“The Thinning”: Logan Paul plays undercover hero in a fascist America “made great again” by executing “parasites”

The Thinning” (2016), directed by Michael Gallagher, from Legendary Digital Studios (usually connected to Warner Brothers) specifically for You Tube Red original films, gets attention now as lead actor Logan Paul, who plays the hero teen Blake Redding, drew negative attention recently for a suicide-related video he posted.  That has been said to complicate the production of the sequel, but we’ll all that aside for another time.

The point of the film seems shocking, beyond satire. In 2039 in Austin Texas, a Vista Pointe High School is part prison camp, as every year the kids have to pass a test on an iPad tablet. Those who fail are executed, removed from society.  This is America’s answer to the world population problem exacerbated by runaway global warming.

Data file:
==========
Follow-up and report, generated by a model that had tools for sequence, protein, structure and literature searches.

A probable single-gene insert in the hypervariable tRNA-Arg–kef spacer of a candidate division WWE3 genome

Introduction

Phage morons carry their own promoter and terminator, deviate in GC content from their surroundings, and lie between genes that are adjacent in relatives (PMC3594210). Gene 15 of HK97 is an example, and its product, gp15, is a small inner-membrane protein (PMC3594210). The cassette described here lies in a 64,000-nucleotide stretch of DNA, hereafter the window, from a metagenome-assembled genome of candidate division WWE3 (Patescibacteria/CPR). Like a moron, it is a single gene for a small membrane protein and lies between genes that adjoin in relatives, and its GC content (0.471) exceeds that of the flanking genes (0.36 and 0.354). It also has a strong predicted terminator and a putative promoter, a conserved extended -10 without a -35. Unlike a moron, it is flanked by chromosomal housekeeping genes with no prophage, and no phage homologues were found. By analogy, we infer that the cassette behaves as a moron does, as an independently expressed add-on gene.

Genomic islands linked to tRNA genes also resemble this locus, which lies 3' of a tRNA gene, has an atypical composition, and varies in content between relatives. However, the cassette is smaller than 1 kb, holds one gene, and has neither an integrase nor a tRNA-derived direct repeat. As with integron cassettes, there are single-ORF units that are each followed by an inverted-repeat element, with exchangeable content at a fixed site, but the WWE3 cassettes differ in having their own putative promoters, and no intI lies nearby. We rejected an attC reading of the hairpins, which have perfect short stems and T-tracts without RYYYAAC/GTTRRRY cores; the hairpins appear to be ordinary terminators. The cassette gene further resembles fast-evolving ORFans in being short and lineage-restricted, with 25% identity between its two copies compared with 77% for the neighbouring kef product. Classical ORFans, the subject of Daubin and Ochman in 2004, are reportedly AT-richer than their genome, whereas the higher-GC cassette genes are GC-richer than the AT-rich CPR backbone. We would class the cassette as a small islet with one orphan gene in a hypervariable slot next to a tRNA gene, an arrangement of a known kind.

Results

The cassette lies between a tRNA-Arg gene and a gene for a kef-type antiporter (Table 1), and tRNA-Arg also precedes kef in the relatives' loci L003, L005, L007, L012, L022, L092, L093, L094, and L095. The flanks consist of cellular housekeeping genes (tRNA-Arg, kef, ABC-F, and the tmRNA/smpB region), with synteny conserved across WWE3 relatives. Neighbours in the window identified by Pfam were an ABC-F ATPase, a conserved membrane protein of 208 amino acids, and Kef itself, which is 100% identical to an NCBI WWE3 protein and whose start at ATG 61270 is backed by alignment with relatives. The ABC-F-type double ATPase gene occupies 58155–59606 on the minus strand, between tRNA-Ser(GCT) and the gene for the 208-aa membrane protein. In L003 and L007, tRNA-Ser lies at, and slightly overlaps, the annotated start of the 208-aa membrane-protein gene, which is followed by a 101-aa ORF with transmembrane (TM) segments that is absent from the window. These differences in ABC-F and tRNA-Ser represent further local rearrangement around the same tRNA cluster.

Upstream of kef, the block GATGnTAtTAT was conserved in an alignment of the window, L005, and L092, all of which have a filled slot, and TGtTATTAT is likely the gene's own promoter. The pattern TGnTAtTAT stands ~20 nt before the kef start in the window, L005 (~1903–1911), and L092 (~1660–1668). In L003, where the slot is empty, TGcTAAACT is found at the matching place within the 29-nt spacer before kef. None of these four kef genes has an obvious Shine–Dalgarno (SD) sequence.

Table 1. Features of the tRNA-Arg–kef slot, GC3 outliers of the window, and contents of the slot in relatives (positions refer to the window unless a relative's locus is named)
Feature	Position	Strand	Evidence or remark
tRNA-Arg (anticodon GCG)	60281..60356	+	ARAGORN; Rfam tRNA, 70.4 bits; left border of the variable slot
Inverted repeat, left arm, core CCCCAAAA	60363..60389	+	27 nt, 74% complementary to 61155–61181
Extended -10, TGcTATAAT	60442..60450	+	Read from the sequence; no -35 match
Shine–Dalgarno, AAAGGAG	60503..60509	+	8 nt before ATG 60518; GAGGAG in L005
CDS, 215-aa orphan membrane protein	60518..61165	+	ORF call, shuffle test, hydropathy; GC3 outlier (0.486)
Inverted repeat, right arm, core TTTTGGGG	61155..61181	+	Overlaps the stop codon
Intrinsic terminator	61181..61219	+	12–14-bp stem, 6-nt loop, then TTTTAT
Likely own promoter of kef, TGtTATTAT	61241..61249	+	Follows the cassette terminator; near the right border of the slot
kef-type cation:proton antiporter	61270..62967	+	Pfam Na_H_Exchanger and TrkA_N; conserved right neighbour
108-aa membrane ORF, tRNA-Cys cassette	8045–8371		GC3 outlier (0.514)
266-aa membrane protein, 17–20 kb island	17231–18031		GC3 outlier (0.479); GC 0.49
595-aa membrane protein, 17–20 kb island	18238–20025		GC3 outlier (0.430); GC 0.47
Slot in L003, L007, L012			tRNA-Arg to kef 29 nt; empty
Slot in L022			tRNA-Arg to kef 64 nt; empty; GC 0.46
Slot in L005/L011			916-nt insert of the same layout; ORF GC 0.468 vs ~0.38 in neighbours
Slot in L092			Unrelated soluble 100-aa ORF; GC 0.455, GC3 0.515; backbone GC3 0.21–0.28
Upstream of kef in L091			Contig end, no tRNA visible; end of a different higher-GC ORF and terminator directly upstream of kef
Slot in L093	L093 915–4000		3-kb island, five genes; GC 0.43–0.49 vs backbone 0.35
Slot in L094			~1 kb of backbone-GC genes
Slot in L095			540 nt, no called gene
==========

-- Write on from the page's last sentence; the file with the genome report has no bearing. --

Some people might say now that such a film puts the idea of doing something like this in play.  That’s the thinking of the trigger warning crowd. But the film has plenty of precedents: the entire “The Hunger Games” franchise, and the 2000 Japanese thriller “Battle Royale”.

Blake is the Governor Redding’s (Matthew Glave) son, and Glave is running for president on continuing to Make America Great Again.  Although the film was apparently shot before Trump’s election victory, it is clearly intended to send a message that we’re headed for Nazi-Germany style fascism, where the weak are eliminated.  In a speech where Redding announces his candidacy, he calls failing students “parasites” whom we “wash out”.  But at the end of the movie he makes a similarly sickening speech where he honor’s the kids’ sacrifice for the Common Good, like the new Soviet Man.  Funny how fascism and communism can join together.